DENVER – The Latest on a possible strike by Denver teachers (all times local):

4:15 p.m.

Denver teachers are prepared to walk of the job for the first time in 25 years over an incentive-based pay system that they call unpredictable and unfair to experienced educators.

If teachers get their way in a last-minute deal or during a strike expected Monday, it could be the warm-up for their greater influence over how city schools are funded.

The recent strike in Los Angeles and others nationwide since last spring has focused on more than just pay.

But Denver educators are taking a different approach. They’re limited to discussing pay now because a contract recently expired that governs bonuses for working in high-poverty schools and other things.

They say a win on pay will help them fight for smaller class sizes and additional support staff when their overall contract comes up for negotiations later.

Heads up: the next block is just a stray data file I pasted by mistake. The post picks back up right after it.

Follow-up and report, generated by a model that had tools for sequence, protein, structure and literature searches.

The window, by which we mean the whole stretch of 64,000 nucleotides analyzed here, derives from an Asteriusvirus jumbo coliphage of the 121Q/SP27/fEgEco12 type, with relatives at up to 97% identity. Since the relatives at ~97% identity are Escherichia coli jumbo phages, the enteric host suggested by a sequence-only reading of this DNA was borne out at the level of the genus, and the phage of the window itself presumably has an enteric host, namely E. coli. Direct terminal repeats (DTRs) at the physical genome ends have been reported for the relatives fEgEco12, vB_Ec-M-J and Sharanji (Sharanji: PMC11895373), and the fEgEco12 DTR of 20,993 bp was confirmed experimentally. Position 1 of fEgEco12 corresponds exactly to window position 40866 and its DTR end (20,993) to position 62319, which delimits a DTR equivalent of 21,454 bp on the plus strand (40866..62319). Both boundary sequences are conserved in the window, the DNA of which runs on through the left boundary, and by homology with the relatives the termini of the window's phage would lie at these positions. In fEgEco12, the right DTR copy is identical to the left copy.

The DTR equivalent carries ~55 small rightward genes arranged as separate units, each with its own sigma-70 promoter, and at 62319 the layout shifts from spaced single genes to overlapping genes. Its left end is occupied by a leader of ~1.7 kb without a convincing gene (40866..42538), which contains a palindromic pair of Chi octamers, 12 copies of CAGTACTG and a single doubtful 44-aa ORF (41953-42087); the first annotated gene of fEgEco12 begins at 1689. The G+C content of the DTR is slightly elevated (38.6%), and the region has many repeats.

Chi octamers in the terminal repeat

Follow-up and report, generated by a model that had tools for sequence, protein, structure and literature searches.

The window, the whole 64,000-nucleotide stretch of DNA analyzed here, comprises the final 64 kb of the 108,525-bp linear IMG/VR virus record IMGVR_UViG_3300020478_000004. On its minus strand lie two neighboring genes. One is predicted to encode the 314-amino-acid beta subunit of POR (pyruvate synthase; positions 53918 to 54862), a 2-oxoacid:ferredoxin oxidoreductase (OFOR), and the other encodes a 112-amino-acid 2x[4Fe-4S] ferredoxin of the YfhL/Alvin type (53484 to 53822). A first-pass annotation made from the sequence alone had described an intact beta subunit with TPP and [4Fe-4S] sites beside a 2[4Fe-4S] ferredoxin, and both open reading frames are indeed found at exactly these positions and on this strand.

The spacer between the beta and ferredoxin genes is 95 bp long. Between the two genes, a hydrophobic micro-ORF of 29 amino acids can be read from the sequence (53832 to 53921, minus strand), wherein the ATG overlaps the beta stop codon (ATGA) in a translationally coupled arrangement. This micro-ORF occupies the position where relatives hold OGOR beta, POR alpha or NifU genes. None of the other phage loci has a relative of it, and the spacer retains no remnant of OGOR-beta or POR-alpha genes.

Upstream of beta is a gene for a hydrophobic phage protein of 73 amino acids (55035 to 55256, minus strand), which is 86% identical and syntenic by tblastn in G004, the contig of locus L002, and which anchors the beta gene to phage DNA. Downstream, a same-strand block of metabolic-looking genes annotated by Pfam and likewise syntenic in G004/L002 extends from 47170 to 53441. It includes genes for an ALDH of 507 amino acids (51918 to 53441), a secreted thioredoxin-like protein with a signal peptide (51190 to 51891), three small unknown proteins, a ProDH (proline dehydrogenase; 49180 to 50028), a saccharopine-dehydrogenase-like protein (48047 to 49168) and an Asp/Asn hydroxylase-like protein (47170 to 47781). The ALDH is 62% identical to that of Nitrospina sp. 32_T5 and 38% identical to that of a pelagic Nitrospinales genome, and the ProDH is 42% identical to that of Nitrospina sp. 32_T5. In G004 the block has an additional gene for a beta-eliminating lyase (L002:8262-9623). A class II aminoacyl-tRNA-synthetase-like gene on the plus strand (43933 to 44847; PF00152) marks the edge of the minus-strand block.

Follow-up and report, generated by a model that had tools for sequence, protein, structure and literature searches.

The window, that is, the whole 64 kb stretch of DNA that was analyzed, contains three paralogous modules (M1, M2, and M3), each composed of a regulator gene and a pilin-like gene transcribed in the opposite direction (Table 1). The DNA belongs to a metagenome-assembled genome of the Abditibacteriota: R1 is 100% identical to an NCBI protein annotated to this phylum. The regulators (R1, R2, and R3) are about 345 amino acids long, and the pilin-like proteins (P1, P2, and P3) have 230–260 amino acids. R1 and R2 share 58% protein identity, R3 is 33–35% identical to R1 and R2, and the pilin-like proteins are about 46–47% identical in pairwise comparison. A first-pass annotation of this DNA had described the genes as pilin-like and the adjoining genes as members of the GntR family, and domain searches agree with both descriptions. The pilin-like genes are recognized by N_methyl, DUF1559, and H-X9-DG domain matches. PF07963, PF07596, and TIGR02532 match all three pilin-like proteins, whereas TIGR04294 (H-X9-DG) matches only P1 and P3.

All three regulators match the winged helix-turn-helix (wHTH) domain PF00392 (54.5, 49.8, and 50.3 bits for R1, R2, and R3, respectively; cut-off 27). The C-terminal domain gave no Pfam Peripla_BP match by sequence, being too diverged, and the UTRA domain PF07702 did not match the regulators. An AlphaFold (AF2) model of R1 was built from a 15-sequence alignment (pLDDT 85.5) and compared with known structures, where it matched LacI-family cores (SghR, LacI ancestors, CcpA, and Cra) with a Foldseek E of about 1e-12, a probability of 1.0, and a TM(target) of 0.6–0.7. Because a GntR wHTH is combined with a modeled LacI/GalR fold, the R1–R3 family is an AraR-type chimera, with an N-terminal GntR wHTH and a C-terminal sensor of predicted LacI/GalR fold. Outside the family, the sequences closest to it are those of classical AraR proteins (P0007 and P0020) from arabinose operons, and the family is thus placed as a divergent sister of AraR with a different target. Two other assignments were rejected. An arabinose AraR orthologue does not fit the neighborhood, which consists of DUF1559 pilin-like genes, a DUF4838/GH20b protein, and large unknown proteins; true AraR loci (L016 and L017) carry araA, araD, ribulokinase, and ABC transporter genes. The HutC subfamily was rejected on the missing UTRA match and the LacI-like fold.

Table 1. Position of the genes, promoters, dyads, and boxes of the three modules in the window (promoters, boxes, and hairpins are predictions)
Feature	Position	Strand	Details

12 a.m.

Denver teachers are vowing to walk off the job Monday unless they can reach a last minute pay agreement with school leaders.

Gov. Jared Polis’ administration decided Wednesday against intervening in the fight, giving teachers the legal right to strike. Both Polis and Joe Barela, the executive director of the Colorado Department of Labor and Employment, say the teachers and the district are not that far apart.

Rob Gould, the lead negotiator for the Denver Classroom Teachers Association, says teachers don’t want to strike, but they will to get a better deal.

Teachers are fighting for more money in their base pay instead of bonuses they say makes it hard for them to predict their income.

Negotiations are tentatively scheduled for Friday.